Watch futurama on an 8×8 pixel screen using atmega168 microcontroller

Circuit overview

here’s how to convert otherwise reasonable quality video into pixelated garbage and play it on a 2 color 8×8 led matrix, with no sound and only moderate sync.
– (1) 8×8 2 color led matrix
– (1) atmel avr atmega168
– (2) 74hc595 shift register
– (1) 3.3V regulator
– (1) a linux system
this is a mid level avr project, in that it assumes ( does not explain ) how to get a program onto a chip. it’s pretty easy once you’ve done it though, so don’t worry. to see how to actually load up a program, The Real Elliot has a nice introduction.

Step 1 Have linux, avr-gcc, python, mplayer…

you’ll need linux to use this method, because i used common linuxy things in it. these things are, in no particular order:
1. avr-gcc: needed to make c code into avr code –> wiki stuff about it
2. python: a surprisingly nice programming language –> official site
3. python image library: used here to turn nice video into tiny specs of light without nearly as much hassle as that sounds like. –> pil
4. mplayer: used to turn video into stills –> mplayer
5. mencoder: (optional) change the frame rate of video –> same place as mplayer
i think that is all of the dependancies.

Step 2 Circuit overview

Circuit overview

shift registers:
we use 2 of them, one for green and one for red.
the 74hc595 shift register is a simple latched device that converts serial 1’s and 0’s to parallel 1’s and 0’s. the ‘don’t clear’ pin is held high while the serial data is clocked in, then the latch pin is set high triggering the output of the parallel data. dropping the ‘don’t clear’ pin empties the output register and gets ready for fresh data.
all that means is the chip acts as a friendly robot that patiently waits until you have said 8 things while touching it on the shoulder. and then when you punch it in the stomach the robot says them all at once out of its 8 mouths. just slap it upside the head and it forgets, ready to go again.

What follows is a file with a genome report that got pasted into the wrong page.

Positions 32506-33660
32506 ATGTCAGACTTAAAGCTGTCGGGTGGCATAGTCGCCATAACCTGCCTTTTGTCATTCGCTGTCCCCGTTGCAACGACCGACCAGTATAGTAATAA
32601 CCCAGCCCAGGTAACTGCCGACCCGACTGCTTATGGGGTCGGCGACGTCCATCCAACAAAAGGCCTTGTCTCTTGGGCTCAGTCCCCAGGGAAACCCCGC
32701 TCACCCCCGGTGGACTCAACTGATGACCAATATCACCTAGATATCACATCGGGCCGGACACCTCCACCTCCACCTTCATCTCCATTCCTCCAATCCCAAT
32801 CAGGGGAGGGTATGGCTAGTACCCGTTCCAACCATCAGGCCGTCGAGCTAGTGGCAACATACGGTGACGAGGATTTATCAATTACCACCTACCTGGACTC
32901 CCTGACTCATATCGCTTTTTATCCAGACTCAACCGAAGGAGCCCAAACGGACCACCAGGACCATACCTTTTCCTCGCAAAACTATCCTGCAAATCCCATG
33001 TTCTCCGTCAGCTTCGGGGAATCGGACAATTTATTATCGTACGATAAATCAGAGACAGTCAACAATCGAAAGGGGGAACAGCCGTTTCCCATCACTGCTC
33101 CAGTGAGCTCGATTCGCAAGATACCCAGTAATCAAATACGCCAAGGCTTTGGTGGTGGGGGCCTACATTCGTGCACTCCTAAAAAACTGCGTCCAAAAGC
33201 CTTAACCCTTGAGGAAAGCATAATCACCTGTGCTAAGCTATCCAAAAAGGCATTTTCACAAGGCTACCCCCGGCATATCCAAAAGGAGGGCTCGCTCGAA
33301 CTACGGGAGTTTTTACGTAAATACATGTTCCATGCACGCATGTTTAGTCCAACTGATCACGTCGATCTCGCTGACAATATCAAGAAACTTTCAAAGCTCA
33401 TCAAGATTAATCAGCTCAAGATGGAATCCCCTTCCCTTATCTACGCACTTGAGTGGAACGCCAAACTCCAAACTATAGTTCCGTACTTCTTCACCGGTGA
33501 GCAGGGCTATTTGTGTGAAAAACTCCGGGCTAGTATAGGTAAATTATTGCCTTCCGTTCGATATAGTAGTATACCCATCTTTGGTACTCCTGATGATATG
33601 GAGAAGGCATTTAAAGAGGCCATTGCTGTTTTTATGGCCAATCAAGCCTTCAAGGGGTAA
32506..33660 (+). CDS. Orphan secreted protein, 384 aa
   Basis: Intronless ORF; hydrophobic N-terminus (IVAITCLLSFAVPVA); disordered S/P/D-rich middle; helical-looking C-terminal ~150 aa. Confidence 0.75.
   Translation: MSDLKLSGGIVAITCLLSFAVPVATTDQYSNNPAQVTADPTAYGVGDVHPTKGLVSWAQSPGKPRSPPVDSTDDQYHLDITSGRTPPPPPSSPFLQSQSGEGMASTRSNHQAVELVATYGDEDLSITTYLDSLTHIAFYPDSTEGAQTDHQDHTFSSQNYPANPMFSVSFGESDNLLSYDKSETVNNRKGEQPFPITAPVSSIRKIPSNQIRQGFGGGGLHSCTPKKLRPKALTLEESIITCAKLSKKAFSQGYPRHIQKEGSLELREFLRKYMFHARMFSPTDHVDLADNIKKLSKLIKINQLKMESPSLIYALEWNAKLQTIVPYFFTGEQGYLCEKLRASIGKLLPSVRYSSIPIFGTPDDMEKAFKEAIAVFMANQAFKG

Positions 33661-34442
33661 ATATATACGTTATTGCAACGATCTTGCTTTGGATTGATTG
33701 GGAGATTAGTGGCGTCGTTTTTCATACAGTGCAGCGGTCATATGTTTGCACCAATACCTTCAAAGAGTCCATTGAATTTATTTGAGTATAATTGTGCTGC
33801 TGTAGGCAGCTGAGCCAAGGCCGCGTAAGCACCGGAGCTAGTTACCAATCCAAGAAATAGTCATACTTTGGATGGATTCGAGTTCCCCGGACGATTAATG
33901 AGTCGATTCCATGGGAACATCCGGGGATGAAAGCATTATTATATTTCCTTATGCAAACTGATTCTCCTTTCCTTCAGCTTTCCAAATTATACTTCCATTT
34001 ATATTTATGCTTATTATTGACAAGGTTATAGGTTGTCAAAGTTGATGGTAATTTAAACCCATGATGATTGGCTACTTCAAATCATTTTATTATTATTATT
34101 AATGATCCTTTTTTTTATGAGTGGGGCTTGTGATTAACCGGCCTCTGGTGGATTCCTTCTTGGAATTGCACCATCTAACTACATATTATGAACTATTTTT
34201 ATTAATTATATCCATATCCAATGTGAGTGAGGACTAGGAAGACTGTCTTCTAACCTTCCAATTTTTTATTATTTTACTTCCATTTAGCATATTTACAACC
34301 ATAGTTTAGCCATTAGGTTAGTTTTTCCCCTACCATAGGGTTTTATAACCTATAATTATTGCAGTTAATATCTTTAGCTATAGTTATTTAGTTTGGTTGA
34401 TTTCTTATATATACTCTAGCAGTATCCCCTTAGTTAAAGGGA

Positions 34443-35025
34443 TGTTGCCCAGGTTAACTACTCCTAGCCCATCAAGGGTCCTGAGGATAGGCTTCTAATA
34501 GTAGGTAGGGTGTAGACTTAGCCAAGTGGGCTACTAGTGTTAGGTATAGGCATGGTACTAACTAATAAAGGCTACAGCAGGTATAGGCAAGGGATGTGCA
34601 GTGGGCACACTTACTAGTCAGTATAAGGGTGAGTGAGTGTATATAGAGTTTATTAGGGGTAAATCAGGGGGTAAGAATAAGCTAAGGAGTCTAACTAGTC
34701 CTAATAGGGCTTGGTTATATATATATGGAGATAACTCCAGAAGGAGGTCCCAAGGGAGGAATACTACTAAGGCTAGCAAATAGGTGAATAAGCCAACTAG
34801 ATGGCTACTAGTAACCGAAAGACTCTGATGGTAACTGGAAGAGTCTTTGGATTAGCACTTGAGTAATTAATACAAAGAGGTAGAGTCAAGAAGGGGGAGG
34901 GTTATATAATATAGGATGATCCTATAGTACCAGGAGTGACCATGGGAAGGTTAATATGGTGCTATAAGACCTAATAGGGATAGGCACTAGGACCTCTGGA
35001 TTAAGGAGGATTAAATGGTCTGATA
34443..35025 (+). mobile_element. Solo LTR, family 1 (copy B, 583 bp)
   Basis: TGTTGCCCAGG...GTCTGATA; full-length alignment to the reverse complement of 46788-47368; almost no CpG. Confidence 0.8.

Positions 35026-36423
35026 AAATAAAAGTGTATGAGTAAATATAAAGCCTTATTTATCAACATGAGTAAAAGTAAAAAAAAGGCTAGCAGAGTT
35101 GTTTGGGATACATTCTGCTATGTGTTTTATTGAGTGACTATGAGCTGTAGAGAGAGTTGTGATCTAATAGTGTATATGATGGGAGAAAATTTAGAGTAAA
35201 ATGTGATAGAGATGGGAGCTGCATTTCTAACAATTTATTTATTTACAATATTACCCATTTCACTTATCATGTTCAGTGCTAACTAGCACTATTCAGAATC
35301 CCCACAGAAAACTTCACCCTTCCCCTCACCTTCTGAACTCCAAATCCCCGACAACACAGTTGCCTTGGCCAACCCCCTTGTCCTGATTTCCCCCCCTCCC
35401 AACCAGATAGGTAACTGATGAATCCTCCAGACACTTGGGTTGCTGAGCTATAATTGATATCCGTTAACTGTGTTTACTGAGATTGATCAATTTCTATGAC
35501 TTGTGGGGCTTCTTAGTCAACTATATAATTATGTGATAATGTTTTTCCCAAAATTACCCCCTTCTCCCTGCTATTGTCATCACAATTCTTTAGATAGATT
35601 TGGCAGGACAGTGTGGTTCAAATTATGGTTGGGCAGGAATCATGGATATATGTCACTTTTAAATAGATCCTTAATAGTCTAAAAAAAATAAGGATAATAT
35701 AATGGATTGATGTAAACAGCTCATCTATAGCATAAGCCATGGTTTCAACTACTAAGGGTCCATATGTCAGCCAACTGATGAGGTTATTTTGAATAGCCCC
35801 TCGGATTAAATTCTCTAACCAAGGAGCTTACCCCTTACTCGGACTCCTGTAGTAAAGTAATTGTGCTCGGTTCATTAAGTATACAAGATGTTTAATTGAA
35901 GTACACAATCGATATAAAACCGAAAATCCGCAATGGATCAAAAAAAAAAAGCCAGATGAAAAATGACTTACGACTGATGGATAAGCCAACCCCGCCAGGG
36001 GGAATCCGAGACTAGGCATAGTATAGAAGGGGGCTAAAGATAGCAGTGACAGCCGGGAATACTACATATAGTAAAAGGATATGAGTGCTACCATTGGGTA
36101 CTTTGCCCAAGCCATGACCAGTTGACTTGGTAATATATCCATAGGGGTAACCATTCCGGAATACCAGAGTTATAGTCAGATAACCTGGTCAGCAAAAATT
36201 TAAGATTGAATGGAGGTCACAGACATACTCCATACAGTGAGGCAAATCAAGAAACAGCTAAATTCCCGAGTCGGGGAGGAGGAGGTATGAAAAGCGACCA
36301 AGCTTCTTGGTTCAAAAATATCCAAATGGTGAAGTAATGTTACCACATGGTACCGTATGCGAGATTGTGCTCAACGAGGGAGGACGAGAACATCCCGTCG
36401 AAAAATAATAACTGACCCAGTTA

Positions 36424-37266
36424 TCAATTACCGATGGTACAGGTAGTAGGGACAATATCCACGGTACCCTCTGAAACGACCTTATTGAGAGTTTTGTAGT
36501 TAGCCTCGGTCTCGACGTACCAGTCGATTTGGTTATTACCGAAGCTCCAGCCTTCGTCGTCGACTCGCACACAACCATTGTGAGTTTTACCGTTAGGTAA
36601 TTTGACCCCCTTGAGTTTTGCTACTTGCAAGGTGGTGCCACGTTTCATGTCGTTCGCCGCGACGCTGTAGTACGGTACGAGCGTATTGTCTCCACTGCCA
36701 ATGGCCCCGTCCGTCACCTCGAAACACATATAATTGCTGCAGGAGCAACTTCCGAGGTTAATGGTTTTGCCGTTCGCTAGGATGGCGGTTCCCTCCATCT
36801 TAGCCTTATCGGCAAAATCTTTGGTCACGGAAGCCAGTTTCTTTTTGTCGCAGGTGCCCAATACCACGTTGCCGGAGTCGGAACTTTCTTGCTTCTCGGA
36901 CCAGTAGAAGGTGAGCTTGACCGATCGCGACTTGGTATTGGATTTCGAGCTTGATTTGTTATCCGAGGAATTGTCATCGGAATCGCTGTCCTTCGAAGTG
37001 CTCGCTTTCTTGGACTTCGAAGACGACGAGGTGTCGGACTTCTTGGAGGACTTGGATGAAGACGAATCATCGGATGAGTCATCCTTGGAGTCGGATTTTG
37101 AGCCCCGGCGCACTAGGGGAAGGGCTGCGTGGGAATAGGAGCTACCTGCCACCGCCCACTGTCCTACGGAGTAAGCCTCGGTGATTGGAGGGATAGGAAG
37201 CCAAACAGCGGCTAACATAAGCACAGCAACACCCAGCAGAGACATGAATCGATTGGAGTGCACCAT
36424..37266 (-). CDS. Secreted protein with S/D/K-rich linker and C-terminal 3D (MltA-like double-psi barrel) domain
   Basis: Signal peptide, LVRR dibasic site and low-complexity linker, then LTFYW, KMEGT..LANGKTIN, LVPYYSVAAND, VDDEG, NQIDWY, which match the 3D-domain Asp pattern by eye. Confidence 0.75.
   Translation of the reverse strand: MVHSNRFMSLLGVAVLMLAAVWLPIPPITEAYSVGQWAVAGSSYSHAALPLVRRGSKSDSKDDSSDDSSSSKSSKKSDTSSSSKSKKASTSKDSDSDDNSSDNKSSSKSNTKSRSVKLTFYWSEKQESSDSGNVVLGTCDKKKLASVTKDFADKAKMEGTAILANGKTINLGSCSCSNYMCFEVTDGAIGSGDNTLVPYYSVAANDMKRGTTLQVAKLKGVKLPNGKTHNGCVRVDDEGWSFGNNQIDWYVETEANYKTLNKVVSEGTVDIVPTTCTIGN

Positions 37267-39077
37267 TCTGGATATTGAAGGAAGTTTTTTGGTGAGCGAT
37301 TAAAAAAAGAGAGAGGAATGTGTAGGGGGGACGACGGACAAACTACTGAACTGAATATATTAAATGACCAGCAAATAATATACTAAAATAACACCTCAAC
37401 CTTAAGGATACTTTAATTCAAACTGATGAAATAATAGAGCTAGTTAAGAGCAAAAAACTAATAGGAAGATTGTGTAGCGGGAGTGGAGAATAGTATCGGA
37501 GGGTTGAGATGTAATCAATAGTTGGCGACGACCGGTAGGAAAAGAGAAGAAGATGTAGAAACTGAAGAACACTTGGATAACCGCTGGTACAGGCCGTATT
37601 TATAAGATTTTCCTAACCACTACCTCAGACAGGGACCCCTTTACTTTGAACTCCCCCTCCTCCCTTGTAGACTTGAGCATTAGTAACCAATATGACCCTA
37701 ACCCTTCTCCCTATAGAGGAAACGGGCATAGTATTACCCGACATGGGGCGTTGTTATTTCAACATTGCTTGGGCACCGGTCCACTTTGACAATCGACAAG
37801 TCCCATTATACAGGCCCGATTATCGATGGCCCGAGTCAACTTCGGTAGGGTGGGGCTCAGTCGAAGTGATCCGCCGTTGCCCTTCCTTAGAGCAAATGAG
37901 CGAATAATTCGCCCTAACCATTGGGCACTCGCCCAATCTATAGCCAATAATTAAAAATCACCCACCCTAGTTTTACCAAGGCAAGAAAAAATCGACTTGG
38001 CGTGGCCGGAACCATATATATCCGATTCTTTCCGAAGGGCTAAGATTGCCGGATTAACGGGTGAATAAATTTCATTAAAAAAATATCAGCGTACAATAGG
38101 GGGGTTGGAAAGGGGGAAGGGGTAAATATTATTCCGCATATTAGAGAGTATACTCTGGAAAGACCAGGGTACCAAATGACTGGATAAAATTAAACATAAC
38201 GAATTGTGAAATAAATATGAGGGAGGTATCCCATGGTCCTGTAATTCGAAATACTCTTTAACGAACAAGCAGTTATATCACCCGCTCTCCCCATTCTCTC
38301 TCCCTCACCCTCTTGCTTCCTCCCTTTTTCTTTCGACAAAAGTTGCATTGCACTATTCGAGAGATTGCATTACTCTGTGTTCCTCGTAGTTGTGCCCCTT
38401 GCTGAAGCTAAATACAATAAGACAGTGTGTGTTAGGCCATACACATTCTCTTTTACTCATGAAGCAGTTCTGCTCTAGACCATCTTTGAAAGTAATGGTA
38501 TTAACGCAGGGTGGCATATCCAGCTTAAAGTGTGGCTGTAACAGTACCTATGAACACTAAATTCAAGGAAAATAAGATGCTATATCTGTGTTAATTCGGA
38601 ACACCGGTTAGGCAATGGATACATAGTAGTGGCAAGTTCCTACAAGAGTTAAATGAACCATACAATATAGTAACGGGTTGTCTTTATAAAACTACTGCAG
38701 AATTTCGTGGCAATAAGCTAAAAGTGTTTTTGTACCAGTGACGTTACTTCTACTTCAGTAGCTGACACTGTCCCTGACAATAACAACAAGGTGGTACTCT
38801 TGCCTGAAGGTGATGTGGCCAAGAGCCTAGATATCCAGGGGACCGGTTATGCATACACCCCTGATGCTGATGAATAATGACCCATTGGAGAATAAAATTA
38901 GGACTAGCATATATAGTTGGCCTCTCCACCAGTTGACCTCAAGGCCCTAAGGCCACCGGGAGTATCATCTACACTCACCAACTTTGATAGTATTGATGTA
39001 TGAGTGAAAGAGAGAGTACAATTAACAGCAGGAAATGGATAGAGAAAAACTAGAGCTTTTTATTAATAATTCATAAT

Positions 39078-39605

Step 3 Circuit overview: led matrix

this particular led matrix has a green and a red led in each of the 64 positions. if you light them both at once you get a sort of yellow and orange color.
the only thing special about this matrix is that it is the one i had when i did this. a HUGE improvement in the final result would be to use an RGB led matrix and an additional shift register, but i don’t have 64 RGB leds lying around.
moving on:
say the green shift register outputs some fancy pattern like 10110011, that would light up the matrix like this:
g x g g x x g g
g x g g x x g g
g x g g x x g g
g x g g x x g g
g x g g x x g g
g x g g x x g g
g x g g x x g g
g x g g x x g g
(x means off)
as long as all of the ground pins were held low. same deal with the red register.
so to achieve animation, just hold all of the ground pins high except for the one that is on the line you want to draw to.
x x x x x x x x
x x x x x x x x
g x g g x x g g
x x x x x x x x

Step 4 Atmega168 == brains

the atmega168 has a bunch of storage space and 28 pins, which is more than we need. by default it runs at 1MHz on an internal RC oscillator, which is not very stable. but that’s ok.
to control the ground pins on the matrix, they are wired to PORTD of the avr. in code this will use the &= ~ (see step 6) type of method to keep all pins HI except the one for the row we want to display.
the latch will be on pin 0. the shift register clock is pin 3, green serial is pin2, red serial is pin4, and the no_clear is on pin1.

Step 5 Put it together

Put it together1 (1)

oh my, there are some wires involved.

Step 6: Code for Avr

the avr’s job is pretty easy. the overall procedure is as follows:

1. read a byte from memory and write it to the red shift register
2. read a byte from memory and write it to the green shift register
3. set the appropriate pin low to ground the row we want to display
4. throw the latch to trigger the shift register outputs
5. wait.
6. clear the shift registers and repeat.

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